What New and Expecting Parents Should Know About RSV

Respiratory syncytial virus (RSV) is the leading cause of hospitalizations among infants.

Respiratory syncytial virus (RSV) results in millions of visits to pediatricians every year.

Children get sick often—and to some extent, it’s not a bad thing. Like all the other parts of your baby, their immune system is in an important stage of growth and development. Encountering cold viruses helps a child’s immune system learn to defend against cold viruses.

At the same time, you want to protect your child from the most serious illnesses—those that can cause severe symptoms, that have the potential to cause hospitalization.

Respiratory syncytial virus (RSV) is the leading cause of hospitalizations among infants, both within the United States and across the globe. In the U.S., approximately 58,000 children under the age of five are hospitalized in a given year with an RSV infection. Very young infants—those 6 months old or younger—can be very vulnerable to severe RSV infection.

Here are five things new and expecting parents should know about RSV.

Most infections are mild

While RSV is the cause of many hospitalizations, the majority of cases only cause upper respiratory infections—in other words, a common cold.

In infants under 12 months old, mild symptoms can include a runny or stuffy nose, nasal discharge (clear at first, but turning to gray, yellow, or green), coughing, fever, watery eyes, and sometimes swollen lymph nodes in the neck. A child may also have trouble nursing or have a decreased appetite, be irritable, and have trouble sleeping.

Most RSV infections will resolve within two weeks.

Most children will have RSV by age 2

Most children will have had at least one RSV infection by age 2. In many cases, a parent will not be able to tell if the cause of the infection was RSV or any of the hundreds of other viruses that can cause a common cold—lab tests to confirm a diagnosis aren’t always required, especially if symptoms are mild.

Some infants are at higher risk

RSV infections cause problems when the infection spreads into the lower respiratory tract—the bronchial tubes and lungs—causing bronchiolitis, bronchitis, and/or pneumonia. These infections can make it difficult for an infant to breathe—and if a child is having trouble breathing, they will require immediate medical attention.

Some children are at a higher risk of severe RSV infection. This includes babies that are born pre-term, born at a low birth weight, or are younger than six months old. It also includes children under 2 years old who have a chronic lung condition or congenital heart disease, children who have neuromuscular disorders, and children who have a weakened immune system.

However, children without any of these risk factors can also develop a severe infection from RSV or other viruses that infect the respiratory system.

There is no vaccine for RSV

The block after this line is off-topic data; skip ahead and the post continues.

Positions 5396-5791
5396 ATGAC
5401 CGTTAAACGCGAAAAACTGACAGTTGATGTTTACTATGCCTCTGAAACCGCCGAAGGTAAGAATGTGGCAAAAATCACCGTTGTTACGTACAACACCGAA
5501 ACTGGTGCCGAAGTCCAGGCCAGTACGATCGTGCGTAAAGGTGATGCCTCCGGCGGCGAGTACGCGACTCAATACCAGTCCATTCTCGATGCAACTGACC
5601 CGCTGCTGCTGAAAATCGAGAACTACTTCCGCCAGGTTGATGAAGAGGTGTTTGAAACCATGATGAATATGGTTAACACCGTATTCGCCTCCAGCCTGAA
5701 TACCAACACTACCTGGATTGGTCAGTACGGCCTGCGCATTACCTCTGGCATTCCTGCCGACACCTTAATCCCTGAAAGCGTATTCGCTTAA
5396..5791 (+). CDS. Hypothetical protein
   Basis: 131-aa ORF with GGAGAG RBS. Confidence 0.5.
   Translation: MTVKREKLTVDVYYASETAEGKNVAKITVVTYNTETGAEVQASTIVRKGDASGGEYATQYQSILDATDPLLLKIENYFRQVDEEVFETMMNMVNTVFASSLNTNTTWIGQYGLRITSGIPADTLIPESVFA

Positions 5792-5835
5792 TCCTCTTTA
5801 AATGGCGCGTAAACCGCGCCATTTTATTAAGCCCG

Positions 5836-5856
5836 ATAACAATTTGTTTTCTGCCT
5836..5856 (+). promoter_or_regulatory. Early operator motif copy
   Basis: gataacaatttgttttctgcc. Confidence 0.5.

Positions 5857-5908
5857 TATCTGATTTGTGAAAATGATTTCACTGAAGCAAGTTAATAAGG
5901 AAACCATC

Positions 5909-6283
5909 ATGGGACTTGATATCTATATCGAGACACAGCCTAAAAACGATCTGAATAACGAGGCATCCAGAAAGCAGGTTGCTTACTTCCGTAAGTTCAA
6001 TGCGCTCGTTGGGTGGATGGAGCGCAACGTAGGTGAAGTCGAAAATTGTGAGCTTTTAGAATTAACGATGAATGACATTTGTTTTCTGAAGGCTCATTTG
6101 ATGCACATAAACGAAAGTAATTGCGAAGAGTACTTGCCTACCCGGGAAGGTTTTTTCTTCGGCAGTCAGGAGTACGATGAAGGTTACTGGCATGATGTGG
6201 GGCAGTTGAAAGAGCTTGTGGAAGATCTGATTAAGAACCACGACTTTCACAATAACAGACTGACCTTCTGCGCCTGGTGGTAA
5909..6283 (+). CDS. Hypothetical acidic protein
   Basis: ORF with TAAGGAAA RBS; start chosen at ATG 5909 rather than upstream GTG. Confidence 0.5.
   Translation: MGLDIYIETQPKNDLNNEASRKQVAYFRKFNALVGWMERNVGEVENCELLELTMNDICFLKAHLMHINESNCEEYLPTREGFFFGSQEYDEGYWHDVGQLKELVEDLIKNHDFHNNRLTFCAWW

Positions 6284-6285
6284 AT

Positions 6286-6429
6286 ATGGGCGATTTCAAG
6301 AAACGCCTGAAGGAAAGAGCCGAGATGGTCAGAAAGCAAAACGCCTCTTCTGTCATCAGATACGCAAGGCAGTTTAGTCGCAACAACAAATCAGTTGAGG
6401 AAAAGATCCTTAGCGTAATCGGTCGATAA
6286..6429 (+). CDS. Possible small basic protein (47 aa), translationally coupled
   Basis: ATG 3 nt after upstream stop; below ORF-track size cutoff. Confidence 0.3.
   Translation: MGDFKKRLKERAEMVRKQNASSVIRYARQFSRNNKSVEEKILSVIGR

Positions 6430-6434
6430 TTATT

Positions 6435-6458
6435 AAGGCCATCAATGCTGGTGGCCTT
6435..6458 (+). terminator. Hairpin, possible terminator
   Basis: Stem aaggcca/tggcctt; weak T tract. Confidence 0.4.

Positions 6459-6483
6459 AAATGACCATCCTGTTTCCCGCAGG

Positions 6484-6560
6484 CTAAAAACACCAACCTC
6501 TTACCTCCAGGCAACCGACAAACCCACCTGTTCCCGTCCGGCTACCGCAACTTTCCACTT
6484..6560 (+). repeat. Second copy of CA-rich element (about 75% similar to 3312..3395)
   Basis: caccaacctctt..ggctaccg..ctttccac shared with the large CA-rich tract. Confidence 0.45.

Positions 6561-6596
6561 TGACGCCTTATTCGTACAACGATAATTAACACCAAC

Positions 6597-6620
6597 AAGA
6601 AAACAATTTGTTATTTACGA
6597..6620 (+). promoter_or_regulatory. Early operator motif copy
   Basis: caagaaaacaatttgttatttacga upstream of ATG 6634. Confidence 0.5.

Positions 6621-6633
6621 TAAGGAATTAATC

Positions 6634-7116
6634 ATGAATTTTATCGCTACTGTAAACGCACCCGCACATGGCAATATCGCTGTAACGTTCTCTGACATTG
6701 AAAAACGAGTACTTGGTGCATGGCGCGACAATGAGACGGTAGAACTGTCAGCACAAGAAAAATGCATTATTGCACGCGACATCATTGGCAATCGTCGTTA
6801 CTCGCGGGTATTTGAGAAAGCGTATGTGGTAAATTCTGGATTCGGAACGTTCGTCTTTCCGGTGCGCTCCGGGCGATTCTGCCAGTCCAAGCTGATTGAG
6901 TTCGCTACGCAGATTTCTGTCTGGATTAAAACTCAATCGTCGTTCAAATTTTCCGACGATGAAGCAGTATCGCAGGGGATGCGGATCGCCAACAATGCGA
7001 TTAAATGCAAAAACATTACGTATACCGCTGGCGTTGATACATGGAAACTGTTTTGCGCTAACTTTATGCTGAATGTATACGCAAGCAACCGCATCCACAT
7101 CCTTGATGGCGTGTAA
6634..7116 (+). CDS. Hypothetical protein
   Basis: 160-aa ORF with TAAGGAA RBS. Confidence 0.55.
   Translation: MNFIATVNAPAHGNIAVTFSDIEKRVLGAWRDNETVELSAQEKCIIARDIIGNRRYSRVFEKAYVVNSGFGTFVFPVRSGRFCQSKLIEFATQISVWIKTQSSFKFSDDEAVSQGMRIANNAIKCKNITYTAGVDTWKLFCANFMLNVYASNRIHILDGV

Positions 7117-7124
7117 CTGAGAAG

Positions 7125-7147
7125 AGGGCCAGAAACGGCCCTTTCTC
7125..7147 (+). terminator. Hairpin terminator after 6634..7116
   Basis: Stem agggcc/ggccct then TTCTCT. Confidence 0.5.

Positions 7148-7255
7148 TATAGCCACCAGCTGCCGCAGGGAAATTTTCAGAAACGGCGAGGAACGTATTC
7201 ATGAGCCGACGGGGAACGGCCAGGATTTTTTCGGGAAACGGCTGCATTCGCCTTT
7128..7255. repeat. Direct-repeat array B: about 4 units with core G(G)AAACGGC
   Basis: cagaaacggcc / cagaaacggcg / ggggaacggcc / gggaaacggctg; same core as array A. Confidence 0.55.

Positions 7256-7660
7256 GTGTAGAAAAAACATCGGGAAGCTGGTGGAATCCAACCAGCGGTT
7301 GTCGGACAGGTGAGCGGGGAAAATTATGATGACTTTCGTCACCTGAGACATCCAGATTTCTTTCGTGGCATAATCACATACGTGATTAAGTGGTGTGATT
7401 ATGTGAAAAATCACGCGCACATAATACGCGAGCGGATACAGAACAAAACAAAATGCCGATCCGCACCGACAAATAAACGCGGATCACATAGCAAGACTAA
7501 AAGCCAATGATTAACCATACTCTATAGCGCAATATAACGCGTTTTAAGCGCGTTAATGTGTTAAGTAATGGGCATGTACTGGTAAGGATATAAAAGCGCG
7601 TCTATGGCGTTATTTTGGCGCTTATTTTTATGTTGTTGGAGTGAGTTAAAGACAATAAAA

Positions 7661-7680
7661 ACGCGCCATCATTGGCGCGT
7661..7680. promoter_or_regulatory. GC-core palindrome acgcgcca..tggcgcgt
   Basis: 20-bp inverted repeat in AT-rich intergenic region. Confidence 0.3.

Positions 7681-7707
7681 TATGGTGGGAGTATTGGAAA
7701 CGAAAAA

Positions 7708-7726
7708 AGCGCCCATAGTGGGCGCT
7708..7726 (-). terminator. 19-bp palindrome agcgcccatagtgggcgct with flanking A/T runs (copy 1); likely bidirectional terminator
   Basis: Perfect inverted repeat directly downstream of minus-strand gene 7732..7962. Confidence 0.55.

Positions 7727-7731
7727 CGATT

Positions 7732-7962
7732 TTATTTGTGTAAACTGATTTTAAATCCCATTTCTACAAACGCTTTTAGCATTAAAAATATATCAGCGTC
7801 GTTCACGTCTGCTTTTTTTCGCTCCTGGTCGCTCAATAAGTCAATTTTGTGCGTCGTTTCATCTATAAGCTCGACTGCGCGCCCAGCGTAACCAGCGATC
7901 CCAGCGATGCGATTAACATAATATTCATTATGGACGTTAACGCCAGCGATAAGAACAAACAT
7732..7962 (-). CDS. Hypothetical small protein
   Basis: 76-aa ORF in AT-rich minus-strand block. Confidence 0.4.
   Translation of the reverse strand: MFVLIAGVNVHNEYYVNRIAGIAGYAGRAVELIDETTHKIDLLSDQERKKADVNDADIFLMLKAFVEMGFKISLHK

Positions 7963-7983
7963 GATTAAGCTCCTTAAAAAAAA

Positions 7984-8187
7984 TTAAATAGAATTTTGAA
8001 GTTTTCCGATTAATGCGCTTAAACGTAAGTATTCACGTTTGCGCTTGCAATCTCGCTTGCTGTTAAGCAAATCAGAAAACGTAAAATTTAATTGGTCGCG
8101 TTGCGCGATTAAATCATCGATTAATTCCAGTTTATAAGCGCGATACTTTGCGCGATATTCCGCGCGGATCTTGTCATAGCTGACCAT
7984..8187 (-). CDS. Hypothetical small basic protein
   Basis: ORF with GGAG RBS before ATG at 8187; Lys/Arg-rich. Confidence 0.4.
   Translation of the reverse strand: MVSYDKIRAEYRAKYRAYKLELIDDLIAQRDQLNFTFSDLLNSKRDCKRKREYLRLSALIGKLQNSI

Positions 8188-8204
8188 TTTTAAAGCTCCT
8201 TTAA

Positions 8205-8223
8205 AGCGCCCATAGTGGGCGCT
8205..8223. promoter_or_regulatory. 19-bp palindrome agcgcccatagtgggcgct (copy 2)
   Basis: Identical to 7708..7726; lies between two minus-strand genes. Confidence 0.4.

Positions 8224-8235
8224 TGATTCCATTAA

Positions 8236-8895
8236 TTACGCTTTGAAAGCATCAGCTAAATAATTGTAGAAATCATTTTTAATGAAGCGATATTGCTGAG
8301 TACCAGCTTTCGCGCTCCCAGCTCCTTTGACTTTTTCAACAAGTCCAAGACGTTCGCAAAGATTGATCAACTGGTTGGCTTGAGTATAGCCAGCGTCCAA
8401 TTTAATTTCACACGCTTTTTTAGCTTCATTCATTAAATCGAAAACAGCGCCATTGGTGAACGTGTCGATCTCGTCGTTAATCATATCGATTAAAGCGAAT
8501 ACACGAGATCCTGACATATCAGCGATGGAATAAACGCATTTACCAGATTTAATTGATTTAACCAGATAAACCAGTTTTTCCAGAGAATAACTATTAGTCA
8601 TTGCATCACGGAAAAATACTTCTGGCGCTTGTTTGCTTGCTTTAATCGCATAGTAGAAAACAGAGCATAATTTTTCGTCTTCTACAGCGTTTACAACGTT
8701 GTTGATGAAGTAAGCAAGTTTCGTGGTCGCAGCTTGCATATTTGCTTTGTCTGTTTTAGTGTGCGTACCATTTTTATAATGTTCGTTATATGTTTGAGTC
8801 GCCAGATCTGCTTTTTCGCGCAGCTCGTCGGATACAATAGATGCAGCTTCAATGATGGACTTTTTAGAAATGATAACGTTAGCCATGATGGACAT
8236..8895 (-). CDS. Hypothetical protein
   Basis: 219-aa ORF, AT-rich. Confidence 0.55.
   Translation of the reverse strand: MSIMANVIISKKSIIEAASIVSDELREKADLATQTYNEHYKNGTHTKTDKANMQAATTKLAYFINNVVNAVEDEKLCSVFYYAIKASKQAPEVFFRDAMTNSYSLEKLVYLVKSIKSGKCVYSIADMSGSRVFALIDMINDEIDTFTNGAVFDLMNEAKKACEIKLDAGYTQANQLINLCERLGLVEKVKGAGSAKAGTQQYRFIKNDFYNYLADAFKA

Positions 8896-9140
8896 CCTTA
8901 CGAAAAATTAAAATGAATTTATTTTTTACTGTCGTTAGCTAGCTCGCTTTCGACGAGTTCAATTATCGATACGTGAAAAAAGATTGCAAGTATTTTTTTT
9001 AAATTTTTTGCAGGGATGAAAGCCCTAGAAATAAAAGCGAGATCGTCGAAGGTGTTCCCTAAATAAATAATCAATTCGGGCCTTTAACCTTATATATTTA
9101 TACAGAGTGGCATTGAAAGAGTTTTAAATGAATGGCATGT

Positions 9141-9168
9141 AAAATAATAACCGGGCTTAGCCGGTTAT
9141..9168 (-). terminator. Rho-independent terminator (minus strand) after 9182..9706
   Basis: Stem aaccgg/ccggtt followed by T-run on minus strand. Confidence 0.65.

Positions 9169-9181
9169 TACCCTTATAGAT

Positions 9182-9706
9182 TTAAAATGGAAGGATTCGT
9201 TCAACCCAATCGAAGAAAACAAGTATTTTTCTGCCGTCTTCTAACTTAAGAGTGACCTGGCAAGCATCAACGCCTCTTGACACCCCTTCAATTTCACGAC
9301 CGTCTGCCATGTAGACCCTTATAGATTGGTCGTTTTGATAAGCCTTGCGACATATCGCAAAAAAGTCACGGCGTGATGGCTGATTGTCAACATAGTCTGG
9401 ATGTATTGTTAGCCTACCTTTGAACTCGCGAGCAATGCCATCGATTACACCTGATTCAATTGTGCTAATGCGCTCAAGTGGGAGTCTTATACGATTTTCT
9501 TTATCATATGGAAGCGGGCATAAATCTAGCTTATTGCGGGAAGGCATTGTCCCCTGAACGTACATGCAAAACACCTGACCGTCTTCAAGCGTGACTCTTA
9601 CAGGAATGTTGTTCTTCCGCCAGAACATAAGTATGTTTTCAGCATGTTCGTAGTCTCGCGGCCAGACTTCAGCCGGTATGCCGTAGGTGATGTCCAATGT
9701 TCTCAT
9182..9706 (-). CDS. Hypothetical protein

A vaccine that prevents RSV has been sought after for a long time. While several are in development, none are yet available.

For infants at high risk for severe RSV infections, there is a monoclonal antibody treatment that can be given as a preventive measure. Monoclonal antibodies are lab-made versions of antibody proteins designed to attack the RSV if it enters the body. This preventive treatment is given as a series of injections.

Newer monoclonal antibody treatments to prevent RSV are in development, which will require fewer shots—and hopefully be made more widely available.

Healthcare providers are your best source of information

Whether you are an expecting parent or a new parent, your best source of information will be your family’s healthcare providers.

Your healthcare providers will be able to answer any questions you have—about your child’s risk factors for a serious respiratory infection, what symptoms to watch for, and steps you can take to protect your child from RSV and other illnesses. They can also help address any concerns you have.

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Stanford Medicine Children's Health. Common Cold in Children. Children and Colds.
Colds in Children. Paediatrics Child Health, 2005. Vol. 10, No. 8.
Centers for Disease Control and Prevention. RSV Trends and Surveillance.
Centers for Disease Control and Prevention. RSV in Infants and Young Children.
Andrea Jones. RSV: When It's More Than Just a Cold. March 11, 2022.
Mayo Clinic. Common cold in babies.
Seattle Children's Hospital. Colds (0-12 Months).
Centers for Disease Control and Prevention. Respiratory Syncytial Virus Infection (RSV): Symptoms and Care.
American Lung Association. RSV Symptoms and Diagnosis.
World Health Organization. Respiratory Syncytial Virus (RSV) disease.
MedlinePlus. Palivizumab Injection.
M. Pamela Griffin, Yuan Yuan, et al. Single-Dose Nirsevimab for Prevention of RSV in Preterm Infants. The New England Journal of Medicine. July 30, 2020.

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